def get_file():
  print 'Working on hdf5 store reference'
  with pd.get_store('test.h5','r') as store:
    print store['data1'][10]

create_file()
cProfile.run('load_file()')
cProfile.run('get_file()')
cProfile.run('load_file()')
cProfile.run('get_file()')
A sample output is:
python test.py | grep 'function calls'
         11109 function calls (10989 primitive calls) in 0.329 seconds
         7278 function calls (7238 primitive calls) in 0.053 seconds
         9540 function calls (9420 primitive calls) in 0.138 seconds
         7278 function calls (7238 primitive calls) in 0.054 seconds
Disregarding the first call, which includes some strange startup code, we see that load_file that assigns variables p1,p2,p3 to the hdf5 nodes ends up copying the whole data over, which is why it takes so long to execute, even though those nodes are actually not accessed.

Monday, August 12, 2013

Sleep number bed LCDs are defective

We bought a sleep number bed about 5 years ago. These beds come with a '20 year' warranty which sounds awesome, because it makes one think that a) The bed's are made well for the company to give such a warranty and b) It's a nice warranty.

Well, it's not THAT great. About 2 years ago the LCD display on the controller started to go on the fritz. It started with one segment of one digit and then progressed until a few weeks ago the display was simply blank. I did a quick search on the internet and it turns out that this is a very common problem.

We have a wired controller (because it was cheaper, I guess, it was a while ago). The refurbished replacement is going to cost us $60 with shipping and the original one would have cost us $140 or so. It does seem that we are getting a nice discount on their catalog price, but I don't think this is such a good deal.

Any how, the pump is working fine, so the actual cost of the controller was probably $10 or so, so I'm not entirely happy, unless it turns out the replacement is a double controller (It says Dual I-Series, I don't know what that means) and is wireless.

Saturday, August 10, 2013

Manipulating pandas data structures

I really enjoy using the Pandas Series and DataFrame objects. I find, however, that methods to update the series/frame are clunky. For a DataFrame it's pretty easy to add columns - you create a DataFrame or a Series and you just assign it. But adding rows to a Series or DataFrame is a bit clunky.

I sometimes have the need to modify a certain row with new data or add that row if it does not exist, which in a database would be a 'replace or insert' operation. You can concat or append another Series or DataFrame but I have not found a nice way of handling the 'replace or insert' case.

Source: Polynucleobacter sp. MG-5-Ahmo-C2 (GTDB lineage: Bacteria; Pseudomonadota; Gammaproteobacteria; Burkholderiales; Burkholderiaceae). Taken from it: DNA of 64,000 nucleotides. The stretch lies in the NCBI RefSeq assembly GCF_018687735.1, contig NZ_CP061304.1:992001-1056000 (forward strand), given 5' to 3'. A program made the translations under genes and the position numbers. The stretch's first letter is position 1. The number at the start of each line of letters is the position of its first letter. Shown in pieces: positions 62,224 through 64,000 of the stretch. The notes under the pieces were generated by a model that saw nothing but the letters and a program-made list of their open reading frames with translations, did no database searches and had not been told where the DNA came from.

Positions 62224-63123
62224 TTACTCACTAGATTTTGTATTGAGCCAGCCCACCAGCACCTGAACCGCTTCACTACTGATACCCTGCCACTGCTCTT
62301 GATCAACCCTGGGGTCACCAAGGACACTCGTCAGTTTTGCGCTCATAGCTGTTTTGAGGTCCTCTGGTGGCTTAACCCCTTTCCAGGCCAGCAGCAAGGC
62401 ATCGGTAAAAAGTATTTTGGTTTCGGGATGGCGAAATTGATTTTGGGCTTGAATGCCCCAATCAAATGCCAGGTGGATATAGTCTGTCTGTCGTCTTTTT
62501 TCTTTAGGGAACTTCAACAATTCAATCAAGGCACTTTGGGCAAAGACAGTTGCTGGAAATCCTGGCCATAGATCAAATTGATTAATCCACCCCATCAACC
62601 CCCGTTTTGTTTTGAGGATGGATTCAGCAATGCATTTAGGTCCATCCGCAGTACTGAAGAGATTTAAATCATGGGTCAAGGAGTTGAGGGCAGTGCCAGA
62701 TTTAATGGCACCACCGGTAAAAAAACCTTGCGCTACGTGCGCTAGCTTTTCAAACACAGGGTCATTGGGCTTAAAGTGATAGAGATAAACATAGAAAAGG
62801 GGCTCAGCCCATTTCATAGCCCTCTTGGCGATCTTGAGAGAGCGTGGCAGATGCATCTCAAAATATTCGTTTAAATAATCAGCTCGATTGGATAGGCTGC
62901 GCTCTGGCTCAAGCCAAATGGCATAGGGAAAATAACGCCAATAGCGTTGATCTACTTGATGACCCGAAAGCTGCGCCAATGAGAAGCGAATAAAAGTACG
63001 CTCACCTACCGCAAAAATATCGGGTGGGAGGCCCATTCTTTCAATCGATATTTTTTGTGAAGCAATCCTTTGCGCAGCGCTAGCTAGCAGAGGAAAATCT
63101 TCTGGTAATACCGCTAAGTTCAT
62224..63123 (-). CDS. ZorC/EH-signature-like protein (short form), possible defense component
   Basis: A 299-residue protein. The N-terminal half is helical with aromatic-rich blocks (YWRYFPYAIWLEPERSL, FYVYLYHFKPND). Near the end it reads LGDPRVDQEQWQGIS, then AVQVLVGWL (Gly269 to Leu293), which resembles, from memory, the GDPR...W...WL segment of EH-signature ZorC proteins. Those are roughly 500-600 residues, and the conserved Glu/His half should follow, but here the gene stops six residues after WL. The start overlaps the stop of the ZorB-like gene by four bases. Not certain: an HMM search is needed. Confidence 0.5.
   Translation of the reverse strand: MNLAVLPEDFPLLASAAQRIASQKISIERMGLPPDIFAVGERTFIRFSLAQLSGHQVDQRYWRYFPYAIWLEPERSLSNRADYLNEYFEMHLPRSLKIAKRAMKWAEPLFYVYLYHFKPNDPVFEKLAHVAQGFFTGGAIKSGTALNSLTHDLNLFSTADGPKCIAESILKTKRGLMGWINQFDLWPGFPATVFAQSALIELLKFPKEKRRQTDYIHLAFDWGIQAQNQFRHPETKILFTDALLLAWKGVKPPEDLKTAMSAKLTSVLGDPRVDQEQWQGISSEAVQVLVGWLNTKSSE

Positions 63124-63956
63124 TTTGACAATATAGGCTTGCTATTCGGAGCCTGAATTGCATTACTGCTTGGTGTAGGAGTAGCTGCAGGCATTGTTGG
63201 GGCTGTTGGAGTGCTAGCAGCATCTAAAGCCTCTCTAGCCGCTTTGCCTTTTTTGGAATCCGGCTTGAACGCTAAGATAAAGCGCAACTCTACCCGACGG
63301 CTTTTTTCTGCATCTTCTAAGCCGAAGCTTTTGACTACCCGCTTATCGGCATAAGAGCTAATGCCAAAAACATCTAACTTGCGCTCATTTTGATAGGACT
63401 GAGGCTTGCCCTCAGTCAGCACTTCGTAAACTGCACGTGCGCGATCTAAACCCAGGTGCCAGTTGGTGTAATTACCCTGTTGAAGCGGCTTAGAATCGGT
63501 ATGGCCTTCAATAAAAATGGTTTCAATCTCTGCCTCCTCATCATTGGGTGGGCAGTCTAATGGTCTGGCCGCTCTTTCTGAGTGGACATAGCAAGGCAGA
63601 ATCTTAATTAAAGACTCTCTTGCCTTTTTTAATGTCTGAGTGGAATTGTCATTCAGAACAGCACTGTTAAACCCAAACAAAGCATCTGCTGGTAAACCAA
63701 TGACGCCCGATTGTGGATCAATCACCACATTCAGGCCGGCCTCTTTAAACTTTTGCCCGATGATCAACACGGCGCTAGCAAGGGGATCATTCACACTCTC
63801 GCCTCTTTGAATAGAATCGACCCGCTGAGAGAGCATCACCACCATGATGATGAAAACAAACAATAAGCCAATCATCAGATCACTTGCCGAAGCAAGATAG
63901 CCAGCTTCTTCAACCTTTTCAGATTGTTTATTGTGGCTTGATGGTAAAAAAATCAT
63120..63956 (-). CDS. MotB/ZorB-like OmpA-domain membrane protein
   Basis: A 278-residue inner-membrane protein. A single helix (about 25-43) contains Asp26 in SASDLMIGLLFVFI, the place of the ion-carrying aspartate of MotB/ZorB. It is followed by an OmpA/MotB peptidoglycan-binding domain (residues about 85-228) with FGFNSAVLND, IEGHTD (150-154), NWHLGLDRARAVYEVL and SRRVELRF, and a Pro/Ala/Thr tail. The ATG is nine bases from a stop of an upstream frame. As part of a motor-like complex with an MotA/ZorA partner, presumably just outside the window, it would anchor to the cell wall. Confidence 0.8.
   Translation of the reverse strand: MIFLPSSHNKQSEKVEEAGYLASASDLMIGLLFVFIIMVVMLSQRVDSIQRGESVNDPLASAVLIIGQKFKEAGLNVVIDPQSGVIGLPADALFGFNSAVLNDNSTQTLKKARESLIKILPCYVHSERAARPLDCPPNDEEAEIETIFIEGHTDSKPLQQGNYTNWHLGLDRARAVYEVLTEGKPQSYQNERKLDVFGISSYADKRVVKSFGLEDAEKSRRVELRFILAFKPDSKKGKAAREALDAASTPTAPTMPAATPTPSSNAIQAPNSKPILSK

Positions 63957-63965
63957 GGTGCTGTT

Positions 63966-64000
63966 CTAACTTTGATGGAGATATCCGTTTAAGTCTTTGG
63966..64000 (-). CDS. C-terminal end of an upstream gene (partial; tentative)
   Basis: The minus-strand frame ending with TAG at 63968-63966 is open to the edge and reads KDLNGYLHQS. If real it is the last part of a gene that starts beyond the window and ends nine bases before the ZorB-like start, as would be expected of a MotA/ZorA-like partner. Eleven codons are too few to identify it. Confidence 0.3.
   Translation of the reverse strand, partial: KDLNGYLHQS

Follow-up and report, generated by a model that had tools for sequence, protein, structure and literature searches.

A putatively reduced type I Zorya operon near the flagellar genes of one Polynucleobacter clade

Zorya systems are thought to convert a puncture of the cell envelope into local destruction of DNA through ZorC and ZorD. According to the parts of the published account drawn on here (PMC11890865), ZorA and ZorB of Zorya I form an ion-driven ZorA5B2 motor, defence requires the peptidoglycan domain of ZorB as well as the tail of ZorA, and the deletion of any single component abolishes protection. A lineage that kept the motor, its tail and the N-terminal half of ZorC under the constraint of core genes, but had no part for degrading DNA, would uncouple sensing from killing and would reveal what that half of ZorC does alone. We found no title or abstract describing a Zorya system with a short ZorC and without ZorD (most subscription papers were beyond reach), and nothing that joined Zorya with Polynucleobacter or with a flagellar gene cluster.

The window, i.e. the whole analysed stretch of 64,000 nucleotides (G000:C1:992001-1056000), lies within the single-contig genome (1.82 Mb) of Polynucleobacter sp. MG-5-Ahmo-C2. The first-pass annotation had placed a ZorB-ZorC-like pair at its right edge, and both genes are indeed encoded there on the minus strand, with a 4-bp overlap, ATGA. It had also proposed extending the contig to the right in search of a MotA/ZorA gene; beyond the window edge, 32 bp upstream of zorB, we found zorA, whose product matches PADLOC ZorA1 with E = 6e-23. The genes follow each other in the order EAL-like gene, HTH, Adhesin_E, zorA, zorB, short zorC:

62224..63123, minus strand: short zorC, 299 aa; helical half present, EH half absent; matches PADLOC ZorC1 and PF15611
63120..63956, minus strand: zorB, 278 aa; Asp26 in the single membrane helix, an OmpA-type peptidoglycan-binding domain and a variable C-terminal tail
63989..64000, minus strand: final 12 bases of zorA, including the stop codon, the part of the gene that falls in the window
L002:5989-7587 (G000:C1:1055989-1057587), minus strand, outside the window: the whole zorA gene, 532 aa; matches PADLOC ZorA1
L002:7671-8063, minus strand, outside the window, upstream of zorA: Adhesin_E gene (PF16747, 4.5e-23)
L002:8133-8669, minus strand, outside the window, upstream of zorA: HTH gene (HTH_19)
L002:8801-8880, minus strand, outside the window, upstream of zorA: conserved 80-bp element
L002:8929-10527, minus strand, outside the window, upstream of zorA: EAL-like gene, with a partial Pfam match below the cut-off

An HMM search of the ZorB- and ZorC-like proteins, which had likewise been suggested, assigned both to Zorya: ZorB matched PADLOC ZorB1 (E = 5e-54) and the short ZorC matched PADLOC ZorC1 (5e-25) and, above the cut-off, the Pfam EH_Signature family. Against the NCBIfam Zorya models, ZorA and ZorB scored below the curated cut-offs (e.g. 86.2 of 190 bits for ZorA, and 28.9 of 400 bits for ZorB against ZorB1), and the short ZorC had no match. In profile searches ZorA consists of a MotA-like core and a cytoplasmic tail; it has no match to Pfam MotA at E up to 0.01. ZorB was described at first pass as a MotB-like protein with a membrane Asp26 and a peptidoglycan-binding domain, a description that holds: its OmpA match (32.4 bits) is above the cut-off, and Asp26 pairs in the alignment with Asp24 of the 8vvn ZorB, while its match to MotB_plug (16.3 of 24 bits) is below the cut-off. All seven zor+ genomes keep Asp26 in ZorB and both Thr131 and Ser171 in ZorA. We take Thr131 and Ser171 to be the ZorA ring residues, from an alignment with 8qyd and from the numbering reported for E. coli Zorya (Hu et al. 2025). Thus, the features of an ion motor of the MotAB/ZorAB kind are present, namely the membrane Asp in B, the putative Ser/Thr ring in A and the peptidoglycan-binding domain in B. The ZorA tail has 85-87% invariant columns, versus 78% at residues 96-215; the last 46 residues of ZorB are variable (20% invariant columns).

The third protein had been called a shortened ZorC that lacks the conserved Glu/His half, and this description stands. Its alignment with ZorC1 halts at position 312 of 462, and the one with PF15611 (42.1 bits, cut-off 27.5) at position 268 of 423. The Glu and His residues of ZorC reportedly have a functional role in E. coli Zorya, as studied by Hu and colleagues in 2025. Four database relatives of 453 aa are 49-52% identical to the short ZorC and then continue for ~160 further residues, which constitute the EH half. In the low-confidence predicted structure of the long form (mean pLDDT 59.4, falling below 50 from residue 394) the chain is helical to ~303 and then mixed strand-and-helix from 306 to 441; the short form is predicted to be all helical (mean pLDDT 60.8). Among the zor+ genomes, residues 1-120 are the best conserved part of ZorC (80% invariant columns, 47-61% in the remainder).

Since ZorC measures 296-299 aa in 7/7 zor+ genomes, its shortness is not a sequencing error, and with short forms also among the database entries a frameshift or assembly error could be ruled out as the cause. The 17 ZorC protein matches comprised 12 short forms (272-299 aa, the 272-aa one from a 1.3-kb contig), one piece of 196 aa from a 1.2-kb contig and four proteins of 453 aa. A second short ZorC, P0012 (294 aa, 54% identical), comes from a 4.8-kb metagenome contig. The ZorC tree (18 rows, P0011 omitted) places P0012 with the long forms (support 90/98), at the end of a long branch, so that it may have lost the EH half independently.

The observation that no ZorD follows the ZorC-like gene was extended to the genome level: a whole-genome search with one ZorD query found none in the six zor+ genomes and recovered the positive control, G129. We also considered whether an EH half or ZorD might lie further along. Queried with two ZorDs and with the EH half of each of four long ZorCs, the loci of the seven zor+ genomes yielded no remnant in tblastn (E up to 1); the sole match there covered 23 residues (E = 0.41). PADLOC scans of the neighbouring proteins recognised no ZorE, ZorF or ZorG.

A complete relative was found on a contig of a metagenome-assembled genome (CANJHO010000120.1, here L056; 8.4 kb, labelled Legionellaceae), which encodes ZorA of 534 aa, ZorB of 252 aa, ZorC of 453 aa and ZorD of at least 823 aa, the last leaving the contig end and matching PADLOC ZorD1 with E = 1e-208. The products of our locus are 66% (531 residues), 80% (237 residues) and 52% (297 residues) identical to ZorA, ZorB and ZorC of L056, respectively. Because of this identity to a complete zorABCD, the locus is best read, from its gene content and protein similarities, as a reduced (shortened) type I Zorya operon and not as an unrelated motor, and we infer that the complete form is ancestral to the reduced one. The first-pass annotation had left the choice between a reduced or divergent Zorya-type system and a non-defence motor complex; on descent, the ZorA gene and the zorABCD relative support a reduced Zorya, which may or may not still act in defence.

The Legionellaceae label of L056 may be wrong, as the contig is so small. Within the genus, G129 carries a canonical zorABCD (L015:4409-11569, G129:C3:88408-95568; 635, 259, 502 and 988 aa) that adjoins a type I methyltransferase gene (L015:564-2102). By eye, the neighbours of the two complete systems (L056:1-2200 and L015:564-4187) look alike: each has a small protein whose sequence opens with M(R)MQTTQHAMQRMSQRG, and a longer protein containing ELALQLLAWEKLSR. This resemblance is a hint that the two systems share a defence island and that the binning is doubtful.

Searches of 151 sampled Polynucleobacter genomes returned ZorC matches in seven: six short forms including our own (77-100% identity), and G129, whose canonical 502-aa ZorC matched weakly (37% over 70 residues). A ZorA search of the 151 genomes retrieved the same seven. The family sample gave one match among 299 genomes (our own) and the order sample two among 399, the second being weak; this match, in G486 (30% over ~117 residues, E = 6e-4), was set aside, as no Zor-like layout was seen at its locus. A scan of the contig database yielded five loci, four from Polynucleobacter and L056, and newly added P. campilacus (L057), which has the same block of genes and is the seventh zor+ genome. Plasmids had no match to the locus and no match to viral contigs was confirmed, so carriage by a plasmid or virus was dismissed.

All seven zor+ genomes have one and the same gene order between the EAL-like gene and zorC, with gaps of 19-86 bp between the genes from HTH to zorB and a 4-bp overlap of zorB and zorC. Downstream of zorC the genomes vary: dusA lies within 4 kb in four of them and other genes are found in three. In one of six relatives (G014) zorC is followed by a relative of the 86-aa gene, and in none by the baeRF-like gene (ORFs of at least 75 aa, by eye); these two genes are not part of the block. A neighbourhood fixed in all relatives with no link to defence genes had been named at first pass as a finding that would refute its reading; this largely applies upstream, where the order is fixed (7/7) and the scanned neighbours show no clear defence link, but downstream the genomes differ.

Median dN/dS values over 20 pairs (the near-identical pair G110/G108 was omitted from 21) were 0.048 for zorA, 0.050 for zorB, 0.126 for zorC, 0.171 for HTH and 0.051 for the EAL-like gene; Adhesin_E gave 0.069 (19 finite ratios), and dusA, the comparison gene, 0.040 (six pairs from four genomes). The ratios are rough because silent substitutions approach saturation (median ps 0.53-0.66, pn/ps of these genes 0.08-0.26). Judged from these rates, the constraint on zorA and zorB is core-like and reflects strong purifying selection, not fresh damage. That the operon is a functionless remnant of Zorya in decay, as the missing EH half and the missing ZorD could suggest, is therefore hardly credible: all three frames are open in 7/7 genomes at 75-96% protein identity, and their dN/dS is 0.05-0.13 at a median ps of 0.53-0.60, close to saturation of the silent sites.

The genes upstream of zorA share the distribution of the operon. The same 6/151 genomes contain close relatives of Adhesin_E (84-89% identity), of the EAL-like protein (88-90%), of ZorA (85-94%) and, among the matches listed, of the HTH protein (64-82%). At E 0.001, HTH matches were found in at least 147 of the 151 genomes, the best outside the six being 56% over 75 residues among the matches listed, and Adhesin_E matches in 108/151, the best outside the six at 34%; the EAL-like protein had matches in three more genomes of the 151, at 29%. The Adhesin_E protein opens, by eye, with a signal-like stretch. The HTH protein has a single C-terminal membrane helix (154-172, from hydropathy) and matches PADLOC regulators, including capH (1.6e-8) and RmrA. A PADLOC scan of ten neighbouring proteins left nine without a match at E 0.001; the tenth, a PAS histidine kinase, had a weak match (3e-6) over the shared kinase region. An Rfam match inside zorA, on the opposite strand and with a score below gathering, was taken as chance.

If the structure is small I simply convert it into a dictionary and manipulate the structure using the dictionary keys and then recreate the pandas structure.

If the structure is large I do an explicit test for the index (row) and then decide whether to append or replace.


Thursday, August 8, 2013

DSLR vs compacts/micro four thirds

I'm what the marketing department at camera companies call an 'enthusiast'. Previously I would be called an amateur, but I guess 'enthusiast' doesn't have the stigma of 'clueless' that amateur now has. I don't make money of photos and I take photos for pleasure and for memories.

I bought my DSLR when DSLR prices were plunging off a cliff, that is after all the professionals had subsidized sensor and lens development. I bought the D40. I got a DSLR for the following characteristics:
  1. Low shutter lag. This was probably the biggest deal for me. I like to capture the fleeting expressions on human faces and the compact was very frustrating with the long lag between focusing and then taking the picture.
  2. Good low light performance. The D40 works just fine for me upto 1600 ISO. ISO 3200 is very noisy and adding a nice prime lens that goes out to f1.8 added a lot of artistic scope and improved low light performance.
The downside of even a small DSLR like the D40 is that it is large and conspicuous and not that quick to whip out when you need it.

This has turned my attention to the micro four thirds family. The larger sensor sizes are a great step up from compacts, but the form factors are so small! They also have interchangeable lenses.

Shutter lag is still a concern, but one thing I realised after using the D40 is that in low light (when a lot of my people portraits are done, round dinner tables and indoors) I have a long effective shutter lag because the focusing in low light is an issue.

What I depend a lot on in such situations is to focus on a sharp edge and then shoot a burst. Instead of waiting for the right moment, I estimate when the moment is going to come up and then hope that one of the images in the burst will carry the hidden expression.

The new 4/3 cameras I am seeing do bursts, do better ISO than the D40, are smaller/lighter AND they do movies, so I'm pretty sure my next camera is not going to be the D5100 (I was waiting for the price to drop steeply, or to find a refurbed one) but rather one of the 4/3s family.

UPDATE: I just found Thom Hogan's guide to m4/3. The guide is very useful.